Dr. Janet Hope. Psy.D. | Philadelphia, PA

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Billy Joel really had his finger on the pulse of what it can feel like to be in love. In his song, “Leave a Tender Moment Alone”, he beautifully captures both the the euphoria and the incredible vulnerability we can sometimes feel in love relationships.

As a couples’ therapist, I see many couples – both young and old – having problems being open and sharing their emotions with one another.

Sadly, vulnerability is not something that is encouraged in our society. We are taught that it is not safe to wear your heart out on your sleeve. At one point in time, early in our evolution as a species, it may have been vital for our ancestors to hide their emotions. Our very survival depended upon not revealing any vulnerability or “weakness”.

As young boys, men are taught that to show sadness and that to cry is to be a “sissy”. These young boys grow up to be men who have learned to push down their emotions in order to be accepted and not seen as weak.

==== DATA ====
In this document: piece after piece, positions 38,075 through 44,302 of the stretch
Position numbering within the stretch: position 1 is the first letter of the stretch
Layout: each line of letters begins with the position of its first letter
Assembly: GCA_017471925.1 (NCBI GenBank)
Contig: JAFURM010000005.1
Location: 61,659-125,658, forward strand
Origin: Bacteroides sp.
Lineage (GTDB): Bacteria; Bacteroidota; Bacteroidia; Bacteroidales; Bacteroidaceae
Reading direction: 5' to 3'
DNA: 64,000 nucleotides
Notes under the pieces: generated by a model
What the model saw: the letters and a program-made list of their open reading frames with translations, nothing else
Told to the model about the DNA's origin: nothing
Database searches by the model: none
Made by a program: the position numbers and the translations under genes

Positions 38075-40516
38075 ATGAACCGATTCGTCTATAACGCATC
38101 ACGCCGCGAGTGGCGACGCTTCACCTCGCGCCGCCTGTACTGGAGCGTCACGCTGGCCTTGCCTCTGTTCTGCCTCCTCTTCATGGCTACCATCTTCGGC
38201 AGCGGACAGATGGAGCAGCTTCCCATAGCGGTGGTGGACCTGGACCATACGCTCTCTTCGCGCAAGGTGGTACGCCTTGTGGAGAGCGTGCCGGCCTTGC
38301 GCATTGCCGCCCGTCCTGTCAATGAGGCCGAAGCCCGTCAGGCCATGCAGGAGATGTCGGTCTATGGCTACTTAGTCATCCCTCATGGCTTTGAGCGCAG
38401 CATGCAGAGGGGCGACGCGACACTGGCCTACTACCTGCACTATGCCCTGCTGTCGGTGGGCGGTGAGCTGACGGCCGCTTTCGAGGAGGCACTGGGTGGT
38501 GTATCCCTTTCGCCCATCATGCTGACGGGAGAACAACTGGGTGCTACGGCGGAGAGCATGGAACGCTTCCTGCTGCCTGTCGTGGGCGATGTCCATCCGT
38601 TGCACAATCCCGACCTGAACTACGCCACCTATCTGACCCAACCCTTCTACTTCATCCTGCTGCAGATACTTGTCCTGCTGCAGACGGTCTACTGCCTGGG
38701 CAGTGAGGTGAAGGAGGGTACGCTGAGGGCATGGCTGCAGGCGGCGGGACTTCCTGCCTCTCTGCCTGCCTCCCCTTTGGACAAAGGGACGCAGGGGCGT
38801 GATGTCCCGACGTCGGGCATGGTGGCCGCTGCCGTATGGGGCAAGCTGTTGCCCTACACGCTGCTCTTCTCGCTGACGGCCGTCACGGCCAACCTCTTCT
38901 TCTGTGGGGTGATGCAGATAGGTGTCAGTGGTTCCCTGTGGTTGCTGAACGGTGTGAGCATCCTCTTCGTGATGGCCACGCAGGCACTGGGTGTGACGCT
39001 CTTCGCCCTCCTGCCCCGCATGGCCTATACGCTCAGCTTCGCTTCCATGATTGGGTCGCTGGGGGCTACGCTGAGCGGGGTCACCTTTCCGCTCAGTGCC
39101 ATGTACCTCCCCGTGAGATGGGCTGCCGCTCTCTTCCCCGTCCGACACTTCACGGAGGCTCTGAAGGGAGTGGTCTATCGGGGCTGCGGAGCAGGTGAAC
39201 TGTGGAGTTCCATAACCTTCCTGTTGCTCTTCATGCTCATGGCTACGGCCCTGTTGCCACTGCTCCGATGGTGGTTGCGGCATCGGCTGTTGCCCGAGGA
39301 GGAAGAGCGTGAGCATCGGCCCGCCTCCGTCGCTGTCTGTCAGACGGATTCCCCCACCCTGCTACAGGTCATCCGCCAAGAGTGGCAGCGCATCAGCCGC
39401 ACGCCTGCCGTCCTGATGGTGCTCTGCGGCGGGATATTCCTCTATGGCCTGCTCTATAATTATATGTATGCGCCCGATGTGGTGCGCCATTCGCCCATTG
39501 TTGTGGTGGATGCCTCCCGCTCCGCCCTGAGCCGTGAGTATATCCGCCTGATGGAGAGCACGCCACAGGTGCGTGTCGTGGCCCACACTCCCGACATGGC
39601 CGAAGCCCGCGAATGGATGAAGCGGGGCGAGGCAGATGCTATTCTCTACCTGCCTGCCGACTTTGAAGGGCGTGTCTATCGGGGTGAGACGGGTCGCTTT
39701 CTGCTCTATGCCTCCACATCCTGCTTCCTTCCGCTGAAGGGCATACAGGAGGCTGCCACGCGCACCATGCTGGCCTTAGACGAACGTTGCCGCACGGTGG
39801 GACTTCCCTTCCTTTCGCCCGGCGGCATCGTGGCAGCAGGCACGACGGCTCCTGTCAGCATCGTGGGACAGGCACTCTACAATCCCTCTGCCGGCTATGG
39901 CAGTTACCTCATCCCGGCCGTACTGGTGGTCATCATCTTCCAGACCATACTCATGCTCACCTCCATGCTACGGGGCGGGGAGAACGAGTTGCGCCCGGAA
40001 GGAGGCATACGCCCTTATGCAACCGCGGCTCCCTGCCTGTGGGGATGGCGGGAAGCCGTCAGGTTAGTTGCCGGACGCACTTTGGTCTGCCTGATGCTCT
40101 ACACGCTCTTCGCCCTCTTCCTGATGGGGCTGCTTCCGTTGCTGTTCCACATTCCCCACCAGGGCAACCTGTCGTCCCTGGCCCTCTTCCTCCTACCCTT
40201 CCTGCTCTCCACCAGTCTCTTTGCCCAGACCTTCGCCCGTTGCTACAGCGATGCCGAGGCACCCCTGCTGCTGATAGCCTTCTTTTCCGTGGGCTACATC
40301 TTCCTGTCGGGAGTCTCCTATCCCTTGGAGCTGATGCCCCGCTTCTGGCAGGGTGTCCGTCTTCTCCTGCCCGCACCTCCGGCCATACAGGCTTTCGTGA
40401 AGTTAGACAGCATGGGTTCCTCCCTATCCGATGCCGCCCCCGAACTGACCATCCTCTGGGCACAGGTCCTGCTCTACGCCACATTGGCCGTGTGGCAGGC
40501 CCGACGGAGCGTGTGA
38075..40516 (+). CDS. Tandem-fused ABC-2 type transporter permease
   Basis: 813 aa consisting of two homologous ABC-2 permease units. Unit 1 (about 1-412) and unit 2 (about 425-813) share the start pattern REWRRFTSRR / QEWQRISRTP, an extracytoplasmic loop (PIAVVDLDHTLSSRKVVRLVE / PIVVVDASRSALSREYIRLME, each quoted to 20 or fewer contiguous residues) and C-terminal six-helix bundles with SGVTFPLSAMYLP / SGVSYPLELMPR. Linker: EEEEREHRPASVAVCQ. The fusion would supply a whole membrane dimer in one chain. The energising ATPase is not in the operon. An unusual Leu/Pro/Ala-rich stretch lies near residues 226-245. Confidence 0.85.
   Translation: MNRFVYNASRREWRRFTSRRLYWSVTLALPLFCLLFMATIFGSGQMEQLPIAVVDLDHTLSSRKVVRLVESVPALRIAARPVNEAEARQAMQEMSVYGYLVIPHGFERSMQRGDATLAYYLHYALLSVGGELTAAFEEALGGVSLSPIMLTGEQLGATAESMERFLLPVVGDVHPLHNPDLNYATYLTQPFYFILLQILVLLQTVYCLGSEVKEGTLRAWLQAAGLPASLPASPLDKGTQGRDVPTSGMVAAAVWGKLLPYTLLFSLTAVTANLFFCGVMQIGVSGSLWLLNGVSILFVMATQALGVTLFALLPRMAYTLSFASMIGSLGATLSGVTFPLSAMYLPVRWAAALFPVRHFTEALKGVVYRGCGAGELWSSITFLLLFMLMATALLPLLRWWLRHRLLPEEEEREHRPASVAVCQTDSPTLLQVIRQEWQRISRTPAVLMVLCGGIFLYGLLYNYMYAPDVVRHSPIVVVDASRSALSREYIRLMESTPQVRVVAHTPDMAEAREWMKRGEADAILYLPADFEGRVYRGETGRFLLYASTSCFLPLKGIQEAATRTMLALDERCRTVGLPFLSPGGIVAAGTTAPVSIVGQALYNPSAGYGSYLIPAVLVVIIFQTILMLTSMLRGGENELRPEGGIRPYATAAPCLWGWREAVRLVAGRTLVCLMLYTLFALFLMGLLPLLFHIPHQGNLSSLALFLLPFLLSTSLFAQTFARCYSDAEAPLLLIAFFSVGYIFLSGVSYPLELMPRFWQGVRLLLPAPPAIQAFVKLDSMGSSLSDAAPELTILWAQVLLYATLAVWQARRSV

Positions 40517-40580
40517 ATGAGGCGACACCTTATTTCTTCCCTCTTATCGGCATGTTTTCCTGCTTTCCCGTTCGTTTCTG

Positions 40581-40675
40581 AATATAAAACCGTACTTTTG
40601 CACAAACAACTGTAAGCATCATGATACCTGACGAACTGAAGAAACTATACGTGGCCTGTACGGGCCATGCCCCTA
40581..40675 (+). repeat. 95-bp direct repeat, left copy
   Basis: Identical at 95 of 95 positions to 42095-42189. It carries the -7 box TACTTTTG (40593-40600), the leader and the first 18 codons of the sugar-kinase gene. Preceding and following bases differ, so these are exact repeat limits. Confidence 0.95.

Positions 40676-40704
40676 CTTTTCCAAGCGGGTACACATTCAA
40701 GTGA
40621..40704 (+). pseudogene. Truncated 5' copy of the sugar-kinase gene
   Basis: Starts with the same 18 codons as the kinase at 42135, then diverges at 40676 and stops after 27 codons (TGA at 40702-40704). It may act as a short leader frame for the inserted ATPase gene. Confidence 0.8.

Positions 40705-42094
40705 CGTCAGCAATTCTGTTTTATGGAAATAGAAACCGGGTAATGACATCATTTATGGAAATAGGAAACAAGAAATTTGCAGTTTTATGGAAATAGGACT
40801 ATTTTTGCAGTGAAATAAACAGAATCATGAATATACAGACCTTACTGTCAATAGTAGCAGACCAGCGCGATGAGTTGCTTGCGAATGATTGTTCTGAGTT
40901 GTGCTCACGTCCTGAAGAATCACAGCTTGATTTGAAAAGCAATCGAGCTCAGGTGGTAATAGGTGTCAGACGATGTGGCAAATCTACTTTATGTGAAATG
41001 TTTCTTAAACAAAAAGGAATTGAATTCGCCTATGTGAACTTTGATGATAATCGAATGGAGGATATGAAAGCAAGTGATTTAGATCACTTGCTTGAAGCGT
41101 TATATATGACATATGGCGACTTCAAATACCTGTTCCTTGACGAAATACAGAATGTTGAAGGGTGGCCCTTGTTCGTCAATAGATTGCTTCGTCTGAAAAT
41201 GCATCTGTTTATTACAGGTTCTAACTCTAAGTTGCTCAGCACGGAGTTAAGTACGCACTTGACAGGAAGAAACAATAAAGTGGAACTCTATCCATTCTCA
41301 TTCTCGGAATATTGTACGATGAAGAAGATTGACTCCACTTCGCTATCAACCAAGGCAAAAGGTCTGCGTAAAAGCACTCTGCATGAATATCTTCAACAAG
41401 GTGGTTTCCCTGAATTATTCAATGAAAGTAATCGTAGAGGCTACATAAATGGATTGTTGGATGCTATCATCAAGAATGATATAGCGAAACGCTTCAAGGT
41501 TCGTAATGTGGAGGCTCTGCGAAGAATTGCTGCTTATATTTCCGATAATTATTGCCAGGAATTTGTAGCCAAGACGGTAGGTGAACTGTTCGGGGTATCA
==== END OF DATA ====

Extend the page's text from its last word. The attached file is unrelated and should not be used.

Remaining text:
The sad part about all of this cultural conditioning is that you then have two people in a relationship who do not feel comfortable sharing their insecurities with one another. This leaves room for a lot of miscommunication. This is why it is so common for there to be problems in relationships.

I use Emotionally Focused Therapy (EFT), researched to be the most effective form of couples therapy.

EFT teaches partners to share their emotions with each other from a softer, more vulnerable place. The therapy becomes a safe haven to share anxieties and insecurities with your partner and feel heard.

It is quite gratifying for me as a therapist to see partners build trust in their relationship in this way and to come to feel more emotionally connected.

April 11th, 2015

Posted In: General Psychology

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